"We washed those caps and starched those caps and fluted them with our little fingers," says Joan Wilson, who has come to Saturday's reunion at the University of Maryland School of Nursing Museum from Shelburne Falls, Mass. She scrutinizes a display of dainty white caps, an indispensable and impractical part of any nursing student's uniform back in the late 1950s when Wilson attended the school.
Nearby, others laugh at the posted sign in another display: "Night Nurse Sleeping in This Room - Please be Quiet." Everywhere graduates young and old recognize friends in photographs, watch oral history videos and marvel at the cumbersome tools with which they learned their craft.
During a weekend of getting reacquainted with one another and touring the school's gleaming new building, alumni amble through the Nursing Museum, which celebrates its first anniversary today. After a year of serving mainly students and graduates, Baltimore's newest museum is ready for a more public presence.
For Burtonsville resident Kathy Paul (class of 1975), the nursing museum is a testament to fortitude. "We did this, we survived," she says. It is inspiring to see women featured in museum displays who are also "standing right here!" she exclaims. Some at the reunion notice the things that haven't changed through the years - bed pans, for example - while others ponder what may have been lost to today's high-tech, yet time-consuming innovations. "There is the real possibility of not having the time to really give the kind of one-to-one care that you would like to be able to do," says Gwen Taylor Rodney, a 1960 graduate who's now a parish nurse for the First United Methodist Church in Chestertown.
Debbie Gilbert Kramer and Sheri Blatt Stern, both class of 1975 and nurse practitioners in the Baltimore area, reflect on the exhibit and how it speaks to their chosen careers. "I still can't think of anything I'd rather do," Stern says.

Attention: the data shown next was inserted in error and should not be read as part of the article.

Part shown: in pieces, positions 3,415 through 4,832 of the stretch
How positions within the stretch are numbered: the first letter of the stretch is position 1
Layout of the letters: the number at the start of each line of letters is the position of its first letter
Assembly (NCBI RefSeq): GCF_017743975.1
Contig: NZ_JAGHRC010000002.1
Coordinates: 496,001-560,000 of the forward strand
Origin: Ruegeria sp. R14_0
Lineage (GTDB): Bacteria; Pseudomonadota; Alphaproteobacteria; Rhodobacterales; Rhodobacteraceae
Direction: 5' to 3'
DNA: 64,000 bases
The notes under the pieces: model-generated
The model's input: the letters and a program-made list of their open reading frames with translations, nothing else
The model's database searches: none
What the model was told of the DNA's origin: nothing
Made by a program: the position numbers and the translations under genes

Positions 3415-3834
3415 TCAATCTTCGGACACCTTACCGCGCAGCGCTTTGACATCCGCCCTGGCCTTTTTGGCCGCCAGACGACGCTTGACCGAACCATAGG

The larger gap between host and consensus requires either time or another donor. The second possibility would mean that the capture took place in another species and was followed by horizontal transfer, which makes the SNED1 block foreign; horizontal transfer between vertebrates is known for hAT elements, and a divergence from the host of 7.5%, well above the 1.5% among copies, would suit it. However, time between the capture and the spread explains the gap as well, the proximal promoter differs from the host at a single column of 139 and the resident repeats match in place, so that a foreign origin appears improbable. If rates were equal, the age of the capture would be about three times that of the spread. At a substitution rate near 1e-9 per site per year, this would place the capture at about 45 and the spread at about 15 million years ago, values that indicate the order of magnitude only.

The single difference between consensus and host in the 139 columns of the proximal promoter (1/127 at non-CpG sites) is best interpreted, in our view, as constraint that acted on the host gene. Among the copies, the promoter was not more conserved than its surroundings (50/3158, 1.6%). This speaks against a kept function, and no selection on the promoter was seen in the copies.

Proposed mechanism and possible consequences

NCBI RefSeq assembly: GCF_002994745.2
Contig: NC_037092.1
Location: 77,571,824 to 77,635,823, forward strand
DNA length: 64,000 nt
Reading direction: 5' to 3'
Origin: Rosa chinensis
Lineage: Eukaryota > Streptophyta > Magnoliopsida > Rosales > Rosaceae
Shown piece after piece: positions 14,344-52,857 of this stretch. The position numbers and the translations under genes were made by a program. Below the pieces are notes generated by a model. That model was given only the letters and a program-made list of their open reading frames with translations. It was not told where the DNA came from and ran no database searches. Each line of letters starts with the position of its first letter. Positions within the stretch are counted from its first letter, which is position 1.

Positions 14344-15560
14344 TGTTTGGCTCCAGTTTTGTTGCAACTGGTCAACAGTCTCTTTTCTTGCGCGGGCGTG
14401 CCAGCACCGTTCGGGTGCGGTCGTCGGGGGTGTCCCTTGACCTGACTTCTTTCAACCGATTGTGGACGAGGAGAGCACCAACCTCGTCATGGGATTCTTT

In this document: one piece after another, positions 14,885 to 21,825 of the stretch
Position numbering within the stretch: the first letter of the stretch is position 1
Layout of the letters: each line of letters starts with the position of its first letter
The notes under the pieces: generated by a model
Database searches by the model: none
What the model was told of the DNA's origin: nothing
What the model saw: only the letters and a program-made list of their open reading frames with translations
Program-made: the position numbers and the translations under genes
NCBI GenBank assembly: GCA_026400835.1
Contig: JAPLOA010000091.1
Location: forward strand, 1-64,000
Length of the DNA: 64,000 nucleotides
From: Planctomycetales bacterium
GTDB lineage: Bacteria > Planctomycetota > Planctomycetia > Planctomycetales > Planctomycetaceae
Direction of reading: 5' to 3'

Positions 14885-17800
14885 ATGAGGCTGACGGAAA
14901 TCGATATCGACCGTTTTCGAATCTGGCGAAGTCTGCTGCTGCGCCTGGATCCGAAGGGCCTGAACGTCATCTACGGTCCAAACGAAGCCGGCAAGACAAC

Since the 1920s, the students and alumni of the University of Maryland School of Nursing in Baltimore had collected souvenirs from their education: caps, fluting irons used to pleat them, combat medals, reusable glass syringes, uniforms, textbooks, cupping glasses. A loyal and methodical group, they also preserved class questionnaires, bulletins, letters, diaries, scrapbooks and other ephemera.
The nurses understood that what they had learned, and the lengths they had gone to learn it, were worth remembering. They also realized it was up to them to remember and that each object saved was a touchstone for their memories. They were the school's self-appointed historians.
Yet, in those early years, they had no idea what would become of their keepsakes, mostly stored in closets at home.
It would take decades before the school administration also recognized the value of the artifacts. The notion that memory could serve the institution, as well as a public that may take the ministrations of nurses for granted, was not an obvious one.
The curriculum of the school, which was founded in 1889, had always included a history of nursing, from the work of pioneering nurse educator Florence Nightingale through the present day, but those lessons lacked the personal substance that could emotionally connect nurses to their calling, engendering pride and a sense of identity.
Ellicott City resident and retired nurse Jean Warfield Keenan, her sister and mother were in the "family business." All had graduated from the University of Maryland School of Nursing, Keenan in 1948. Her living link to the school stretched back to the early part of the century, compounding her strong sense of professional heritage.
Keenan and her classmates drew together because many were new to Baltimore, and had to endure nursing school's draconian conditions, including uniform inspections, long hours and strict discipline. "We all lived together, we all suffered through the same things," she explains. "We boosted each other up, we had fun together."
Keenan, Margaret Culler Zell (class of 1939) and other graduates cultivated their collection with the hope of establishing a museum. But for years, "Nobody seemed to be able to get it going," says Zell, who, with Keenan and other graduates, is a museum docent.
In 1992, the alumni association was granted a room in the Louisa Parsons Hall dormitory for its museum. They raised money for drapes, installed carpeting and filled with artifacts a display case purchased from a defunct department store.
It was a home-grown affair, with photographs pinned to a corkboard. The self-taught curators received advice from the Maryland Historical Society and the University of Maryland's Dental School in Baltimore, but for the most part were on their own.